If ever there was a no-brainer appropriate for the skill level of the empty noggins in Albany, it was the bill to ban revenge porn.
If someone posts online a nude picture of you without your consent for the world to dissect and ridicule and beat their chests over, it obviously ought to be a criminal offense in this state.
Yet a bill proposing to make the posting of revenge porn a misdemeanor with a penalty of up to a year in prison has been languishing in Albany since 2013. This month, the legislators again went home for the summer without acting on it.
Guess who’s behind this nauseating course of nonaction?
That’s right, the Internet’s great champion of feminism — hey, don’t they make an effort to be inclusive when picking the Google Doodle every day? — is doing little to stop the revolting daily public humiliation of women.
Women like Lisa M. of Gardner, Mass., who was just 17 when her then-boyfriend managed to sneak topless pictures of her without her even noticing, much less approving. He then humiliated her by posting the pictures to a shadowy Panama-based site infamous for its galleries of revenge porn.
Some of those pictures are posted under categories like “drunk/passed out” or “peeping toms.” Every man in America should be enraged by this. How can you possibly condone the sexual victimization of women at their most intimate and vulnerable? If it were your daughter, wife, sister or mom, you’d be looking for your shotgun. But finding the actual source of these photos is a frustrating undertaking because of the layers of cloaking devised by the sites that host them.
The New York bill passed the Democratic-run state Assembly unanimously Tuesday, and Gov. Cuomo pledged to sign it. But then the Republican-controlled state Senate took no action. Lawyer Carrie Goldberg, a leading advocate for the law, blames Google for gumming up the works behind the scenes: “They hate the civil-law language that allows judges to order them to remove content.”
Google is keeping mum about what’s going on. Contacted by Gizmodo on Friday, its PR department declined to comment on the legislation and instead pointed to (exceedingly weak) language on its site that offers revenge-porn victims an opportunity to request that Google remove links to sites hosting the pictures.
Mary Anne Franks, another lawyer trying to get the bill passed, told Gizmodo that the machinations have already diluted it so much that “practically the only people who have anything to fear from this bill are those who not only publish naked photos of a person without permission, but also make a formal announcement that they are intending to harm that person by doing so.”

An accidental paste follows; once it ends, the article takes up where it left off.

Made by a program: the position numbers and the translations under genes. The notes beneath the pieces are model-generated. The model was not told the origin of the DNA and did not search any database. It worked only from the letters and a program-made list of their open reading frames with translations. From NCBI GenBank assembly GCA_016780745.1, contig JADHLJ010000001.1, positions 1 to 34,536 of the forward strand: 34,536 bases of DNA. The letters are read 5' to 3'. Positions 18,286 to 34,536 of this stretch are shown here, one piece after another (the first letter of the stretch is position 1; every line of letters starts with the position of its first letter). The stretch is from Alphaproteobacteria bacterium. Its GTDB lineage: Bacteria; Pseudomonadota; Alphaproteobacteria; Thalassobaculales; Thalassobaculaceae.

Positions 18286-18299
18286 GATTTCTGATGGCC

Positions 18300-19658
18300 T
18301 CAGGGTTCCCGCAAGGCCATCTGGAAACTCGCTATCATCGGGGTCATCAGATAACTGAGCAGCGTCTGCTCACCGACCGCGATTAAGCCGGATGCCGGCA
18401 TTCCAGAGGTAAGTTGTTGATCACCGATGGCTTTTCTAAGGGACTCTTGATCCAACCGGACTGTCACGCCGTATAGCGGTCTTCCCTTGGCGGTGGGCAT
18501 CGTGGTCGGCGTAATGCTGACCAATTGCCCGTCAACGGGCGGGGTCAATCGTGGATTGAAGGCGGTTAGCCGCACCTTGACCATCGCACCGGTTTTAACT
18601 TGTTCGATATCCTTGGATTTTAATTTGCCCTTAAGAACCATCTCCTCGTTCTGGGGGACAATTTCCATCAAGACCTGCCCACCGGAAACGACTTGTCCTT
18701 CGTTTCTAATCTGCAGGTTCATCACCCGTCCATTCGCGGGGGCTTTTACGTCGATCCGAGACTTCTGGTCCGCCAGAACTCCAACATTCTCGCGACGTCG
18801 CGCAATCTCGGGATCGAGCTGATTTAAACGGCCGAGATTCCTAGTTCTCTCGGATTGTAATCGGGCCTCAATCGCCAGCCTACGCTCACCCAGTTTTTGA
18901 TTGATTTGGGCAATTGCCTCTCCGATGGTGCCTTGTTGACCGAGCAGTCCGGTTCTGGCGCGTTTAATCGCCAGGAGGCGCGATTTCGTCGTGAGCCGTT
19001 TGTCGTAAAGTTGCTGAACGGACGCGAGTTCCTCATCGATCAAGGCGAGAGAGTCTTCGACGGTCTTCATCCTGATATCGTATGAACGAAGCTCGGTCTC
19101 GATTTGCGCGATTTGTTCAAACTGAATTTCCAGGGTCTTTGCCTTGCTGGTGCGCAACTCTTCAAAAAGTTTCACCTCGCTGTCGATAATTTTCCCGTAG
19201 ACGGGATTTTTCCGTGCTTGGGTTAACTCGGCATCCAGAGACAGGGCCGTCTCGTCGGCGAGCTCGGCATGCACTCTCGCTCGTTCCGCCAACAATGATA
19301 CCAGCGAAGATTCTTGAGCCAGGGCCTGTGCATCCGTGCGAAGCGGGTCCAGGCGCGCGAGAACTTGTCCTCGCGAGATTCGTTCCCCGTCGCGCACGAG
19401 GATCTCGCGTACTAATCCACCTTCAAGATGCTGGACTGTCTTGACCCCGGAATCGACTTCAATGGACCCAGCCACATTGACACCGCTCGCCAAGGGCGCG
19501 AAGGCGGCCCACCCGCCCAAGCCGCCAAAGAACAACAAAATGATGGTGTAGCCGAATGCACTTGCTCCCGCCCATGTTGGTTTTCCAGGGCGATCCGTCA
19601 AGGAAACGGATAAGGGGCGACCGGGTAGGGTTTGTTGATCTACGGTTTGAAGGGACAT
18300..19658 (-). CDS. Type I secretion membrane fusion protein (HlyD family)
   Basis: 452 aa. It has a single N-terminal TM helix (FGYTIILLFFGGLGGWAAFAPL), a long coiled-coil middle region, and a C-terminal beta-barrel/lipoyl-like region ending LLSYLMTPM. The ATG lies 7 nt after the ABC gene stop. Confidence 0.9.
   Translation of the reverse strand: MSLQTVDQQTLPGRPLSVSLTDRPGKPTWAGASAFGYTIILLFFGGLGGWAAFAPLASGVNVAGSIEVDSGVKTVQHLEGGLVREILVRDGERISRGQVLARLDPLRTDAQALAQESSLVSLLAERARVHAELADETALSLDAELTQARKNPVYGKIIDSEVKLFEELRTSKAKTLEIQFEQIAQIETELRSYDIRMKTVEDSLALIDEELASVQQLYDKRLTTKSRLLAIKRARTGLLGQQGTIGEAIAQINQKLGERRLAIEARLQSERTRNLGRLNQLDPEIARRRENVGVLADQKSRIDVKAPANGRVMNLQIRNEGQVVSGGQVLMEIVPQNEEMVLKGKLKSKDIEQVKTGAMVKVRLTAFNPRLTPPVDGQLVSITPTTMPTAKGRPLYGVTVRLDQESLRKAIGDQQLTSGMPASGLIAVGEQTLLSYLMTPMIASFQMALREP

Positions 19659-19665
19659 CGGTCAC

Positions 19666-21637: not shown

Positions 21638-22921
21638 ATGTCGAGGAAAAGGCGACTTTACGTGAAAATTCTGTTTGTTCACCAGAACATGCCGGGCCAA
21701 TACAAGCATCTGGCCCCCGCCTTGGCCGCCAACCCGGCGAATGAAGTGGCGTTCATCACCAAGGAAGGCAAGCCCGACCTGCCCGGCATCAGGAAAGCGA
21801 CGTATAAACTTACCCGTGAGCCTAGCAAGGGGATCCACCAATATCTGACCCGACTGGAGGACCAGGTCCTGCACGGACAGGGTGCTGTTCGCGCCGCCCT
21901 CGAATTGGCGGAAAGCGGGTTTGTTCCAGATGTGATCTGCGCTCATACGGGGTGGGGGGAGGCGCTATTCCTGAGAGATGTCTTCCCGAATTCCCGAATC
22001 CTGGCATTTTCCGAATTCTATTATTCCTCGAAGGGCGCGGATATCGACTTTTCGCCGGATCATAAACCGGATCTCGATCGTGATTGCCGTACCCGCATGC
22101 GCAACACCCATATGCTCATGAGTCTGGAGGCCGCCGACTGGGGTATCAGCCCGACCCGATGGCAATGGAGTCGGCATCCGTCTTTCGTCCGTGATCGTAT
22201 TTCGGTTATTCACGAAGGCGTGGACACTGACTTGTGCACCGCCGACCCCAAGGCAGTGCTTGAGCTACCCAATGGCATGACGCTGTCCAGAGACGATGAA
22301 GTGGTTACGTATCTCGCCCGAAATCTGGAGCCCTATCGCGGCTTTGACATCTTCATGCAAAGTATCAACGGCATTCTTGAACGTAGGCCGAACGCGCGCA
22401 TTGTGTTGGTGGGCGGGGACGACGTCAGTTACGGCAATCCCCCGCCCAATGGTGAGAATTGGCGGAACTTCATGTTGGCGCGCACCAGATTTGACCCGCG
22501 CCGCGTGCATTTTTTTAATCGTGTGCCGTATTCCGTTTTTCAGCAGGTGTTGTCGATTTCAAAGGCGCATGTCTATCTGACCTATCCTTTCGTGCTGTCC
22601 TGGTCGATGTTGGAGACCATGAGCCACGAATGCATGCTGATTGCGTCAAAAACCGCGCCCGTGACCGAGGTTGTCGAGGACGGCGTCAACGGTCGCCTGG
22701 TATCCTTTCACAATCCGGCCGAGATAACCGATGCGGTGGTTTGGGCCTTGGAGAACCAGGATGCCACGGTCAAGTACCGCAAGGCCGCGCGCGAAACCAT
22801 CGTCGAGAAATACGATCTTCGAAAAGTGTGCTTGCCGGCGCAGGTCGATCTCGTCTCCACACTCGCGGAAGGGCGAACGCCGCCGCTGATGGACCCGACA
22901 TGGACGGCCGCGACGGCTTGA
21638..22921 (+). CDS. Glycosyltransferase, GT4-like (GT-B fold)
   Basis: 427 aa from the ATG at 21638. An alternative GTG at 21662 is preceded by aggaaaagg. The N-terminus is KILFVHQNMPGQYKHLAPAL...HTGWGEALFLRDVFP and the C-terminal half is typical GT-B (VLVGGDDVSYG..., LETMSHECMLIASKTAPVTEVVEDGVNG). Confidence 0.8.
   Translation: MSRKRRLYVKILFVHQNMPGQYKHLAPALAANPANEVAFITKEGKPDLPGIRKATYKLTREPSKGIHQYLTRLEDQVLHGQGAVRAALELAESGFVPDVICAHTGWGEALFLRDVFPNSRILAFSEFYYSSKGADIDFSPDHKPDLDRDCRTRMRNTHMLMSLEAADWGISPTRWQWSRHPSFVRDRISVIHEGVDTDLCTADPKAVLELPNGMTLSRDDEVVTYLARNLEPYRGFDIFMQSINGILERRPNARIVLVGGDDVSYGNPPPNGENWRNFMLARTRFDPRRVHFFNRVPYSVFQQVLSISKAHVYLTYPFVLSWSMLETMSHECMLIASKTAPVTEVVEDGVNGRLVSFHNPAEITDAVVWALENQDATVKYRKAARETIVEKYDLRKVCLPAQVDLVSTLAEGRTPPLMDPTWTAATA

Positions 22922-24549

Revenge-porn laws are in effect in 40 states, and New York City’s separate law went into effect this past winter, meaning someone who posts such images while in the five boroughs can be prosecuted. That kind of patchwork approach adds another layer of complexity to an already-maddening problem. What’s needed is a federal revenge-porn law.
Why hasn’t that passed yet? Rep. Jackie Speier, a California Democrat, has been working on it for years and by 2016 had even managed to get Facebook and Twitter to support it. Google is “staying neutral,” reported The Hill. Neutral? On whether it should be legal for your ex-boyfriend to post your nude photos for his frat bros to ridicule?
Google’s power is becoming an issue in Washington. Last year, its parent company, Alphabet, not only spent more on lobbying than any tech company, it spent $18 million, more than any tech outfit going back at least two decades. Without Google’s backing, it’s hard to see the federal revenge-porn law happening.
Google is, in effect, a monopoly, with 80 percent of all search traffic going through its site. Together with Facebook, it controls 85 percent of the online advertising market. The country’s most infamous monopoly, Standard Oil, controlled 70 percent of oil refining in the US in 1906, the year it was sued by Teddy Roosevelt’s Justice Department. Google uses its power to crush other companies, to downplay sites it finds uncongenial — in short, to make a mockery of its onetime motto, “Don’t be evil.”
For instance, the Web site of Getty Images complained that its traffic fell 85 percent after Google made Getty’s pictures visible on its own site. Getty’s general counsel, Yoko Miyashita, told The New York Times Magazine that Google’s response was, “Well, if you don’t agree to these terms, we’ll just exclude you.” That isn’t really an option, the lawyer added, because “if you aren’t on Google, you basically don’t exist.”
True, and a lot of women of whom intimate photos exist would love it if Google could help make them disappear. Google has the power to protect women against revenge porn by backing the federal and New York state measures to illegalize it. “Staying neutral” means allowing the disgusting status quo of revenge porn to continue.
Kyle Smith is an absolutely brilliant critic-at-large at National Review